When it comes to 90's indie rock, there's no better band than Pavement.Over their ten years and five albums as a band, Pavement's sound changed and refined itself constantly, while still being distinctive enough to always sound like Pavement. While other lesser bands went on to super stardom, however, Pavement never really made it, remaining just underground throughout their career, despite praise from journalists and big names of the time like Sonic Youth. It was partly Pavement's willingness to experiment with different
musical styles and partly their unwillingness to play the games of the mainstream music industry that kept them there, but that's also partly why their fans love them so much: you actually have to make the effort to find out about them to get into them.

Personally, I love Pavement. They're one of my favourite bands. You simply can't go wrong with a Pavement album, whether it's the fuzzy lo-fi of 'Slanted and Enchanted', the alt-rock/country of 'Crooked Rain, Crooked Rain', the REM flavoured indie rock of 'Brighten the Corners' or the starry-eyed 'Terror Twilight'. It's almost impossible to choose a favourite Pavement album, but I say that 'Wowee Zowee' just gets it, as it manages to show all the sides of Pavement while still flowing together. This 18-track album was their third, and according to their singer Stephen Malkmus, the band were ˜smoking a lot of pot at the time." It has pretty much everything you'd want from an alternative album: fuzzed up art-punk songs like 'Serpentine Pad' and 'Flux = Rada', country-tinged songs like the brilliant 'Father to a Sister of Thought', jangly indie songs, weird songs,songs with hints of soul surrounding their alt-rock hearts. As there are so manysongs, it can occasionally be difficult to listen to all the way through, but even if you can't, it's worth trying to take in all of the songs of 'Wowee Zowee'. While it is the most experimental of all Pavement's albums, it's also the most rewarding in the long-term.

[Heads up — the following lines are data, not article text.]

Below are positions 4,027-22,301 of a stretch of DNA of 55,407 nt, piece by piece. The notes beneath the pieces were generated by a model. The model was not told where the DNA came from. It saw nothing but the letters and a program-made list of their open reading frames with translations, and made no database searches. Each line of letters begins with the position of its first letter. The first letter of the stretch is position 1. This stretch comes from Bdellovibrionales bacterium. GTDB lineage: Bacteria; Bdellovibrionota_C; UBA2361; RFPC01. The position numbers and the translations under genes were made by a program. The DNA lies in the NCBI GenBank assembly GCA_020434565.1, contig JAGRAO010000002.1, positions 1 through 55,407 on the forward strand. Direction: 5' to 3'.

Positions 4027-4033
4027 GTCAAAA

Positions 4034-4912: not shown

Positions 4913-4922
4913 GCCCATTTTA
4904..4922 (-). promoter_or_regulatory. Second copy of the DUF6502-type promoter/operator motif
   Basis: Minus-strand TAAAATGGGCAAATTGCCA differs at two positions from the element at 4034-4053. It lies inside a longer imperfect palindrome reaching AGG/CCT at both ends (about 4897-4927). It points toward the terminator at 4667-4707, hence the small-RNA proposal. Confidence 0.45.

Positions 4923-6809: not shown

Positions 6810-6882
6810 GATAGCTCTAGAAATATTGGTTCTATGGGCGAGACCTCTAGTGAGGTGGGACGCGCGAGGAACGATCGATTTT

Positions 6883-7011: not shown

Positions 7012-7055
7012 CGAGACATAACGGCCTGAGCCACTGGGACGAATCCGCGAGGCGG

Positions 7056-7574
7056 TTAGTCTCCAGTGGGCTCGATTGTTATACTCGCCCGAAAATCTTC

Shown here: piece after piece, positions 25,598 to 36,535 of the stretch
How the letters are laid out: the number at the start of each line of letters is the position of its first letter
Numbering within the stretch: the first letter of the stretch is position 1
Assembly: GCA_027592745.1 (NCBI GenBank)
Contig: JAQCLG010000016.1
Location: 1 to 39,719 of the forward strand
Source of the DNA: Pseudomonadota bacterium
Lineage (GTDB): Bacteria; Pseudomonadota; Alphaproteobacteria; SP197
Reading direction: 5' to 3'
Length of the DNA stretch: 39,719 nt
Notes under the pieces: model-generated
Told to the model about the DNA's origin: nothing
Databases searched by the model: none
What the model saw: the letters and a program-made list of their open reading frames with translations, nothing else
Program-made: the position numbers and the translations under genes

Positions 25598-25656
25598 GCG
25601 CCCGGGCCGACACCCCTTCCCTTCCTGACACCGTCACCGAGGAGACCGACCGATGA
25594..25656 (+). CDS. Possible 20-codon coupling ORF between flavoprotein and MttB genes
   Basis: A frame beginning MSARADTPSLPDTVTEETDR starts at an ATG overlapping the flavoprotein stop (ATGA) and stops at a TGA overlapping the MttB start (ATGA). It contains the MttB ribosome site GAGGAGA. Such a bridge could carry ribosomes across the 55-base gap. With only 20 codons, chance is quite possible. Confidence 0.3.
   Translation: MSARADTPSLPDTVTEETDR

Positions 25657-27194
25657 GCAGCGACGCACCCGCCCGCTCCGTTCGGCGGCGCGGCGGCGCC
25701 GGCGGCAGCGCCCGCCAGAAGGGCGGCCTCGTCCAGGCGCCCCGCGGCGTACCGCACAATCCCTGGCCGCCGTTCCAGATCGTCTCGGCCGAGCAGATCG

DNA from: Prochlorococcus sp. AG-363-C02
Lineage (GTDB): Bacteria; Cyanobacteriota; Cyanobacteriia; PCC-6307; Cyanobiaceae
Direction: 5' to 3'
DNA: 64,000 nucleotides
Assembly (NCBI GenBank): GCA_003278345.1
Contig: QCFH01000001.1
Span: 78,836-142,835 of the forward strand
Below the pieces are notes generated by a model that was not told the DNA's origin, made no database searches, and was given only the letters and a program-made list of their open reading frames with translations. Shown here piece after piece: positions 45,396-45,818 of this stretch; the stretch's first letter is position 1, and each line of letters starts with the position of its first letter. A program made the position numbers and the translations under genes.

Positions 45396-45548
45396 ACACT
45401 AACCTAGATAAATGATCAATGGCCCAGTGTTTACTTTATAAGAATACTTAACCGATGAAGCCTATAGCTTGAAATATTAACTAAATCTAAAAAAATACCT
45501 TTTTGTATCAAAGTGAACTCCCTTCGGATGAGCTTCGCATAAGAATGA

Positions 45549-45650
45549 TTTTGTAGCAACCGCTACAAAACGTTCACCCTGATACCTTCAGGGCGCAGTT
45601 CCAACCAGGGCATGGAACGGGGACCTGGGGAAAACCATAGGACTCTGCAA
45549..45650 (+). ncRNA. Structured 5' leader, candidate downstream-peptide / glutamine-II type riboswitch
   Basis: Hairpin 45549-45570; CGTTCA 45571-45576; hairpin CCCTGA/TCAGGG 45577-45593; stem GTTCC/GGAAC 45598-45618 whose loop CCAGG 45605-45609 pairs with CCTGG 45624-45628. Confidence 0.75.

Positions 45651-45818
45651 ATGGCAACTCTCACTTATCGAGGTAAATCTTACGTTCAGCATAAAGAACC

At the time of its release, 'Wowee Zowee' didn't go down as well as it could have. The singles, 'Rattled by the Rush' and 'Father to a Sister of Thought', didn't go anywhere, and the band were famously pelted with mud on the '96 Lolapalooza tour so much that they ended up leaving the stage before their set had finished. Now, the album is thought of as an indie rock classic,especially after band's like Blur started paying homage to them on albums like 1997's 'Blur'. Yes that's right, the one with 'Song 2' on it. The mark Pavement has left on music is evident in tonnes of indie bands around at the moment, especially in Britain. Bands like Magoo and Bearsuit, most newer alt-country bands, there aren't many musicians in current indie circles who wouldn't say that Pavement didn't have some impact on them. So, those of you that like your music indie, rockin' and with it's eyes wide open, Pavement and 'Wowee Zowee' are two things that you cannot be without.












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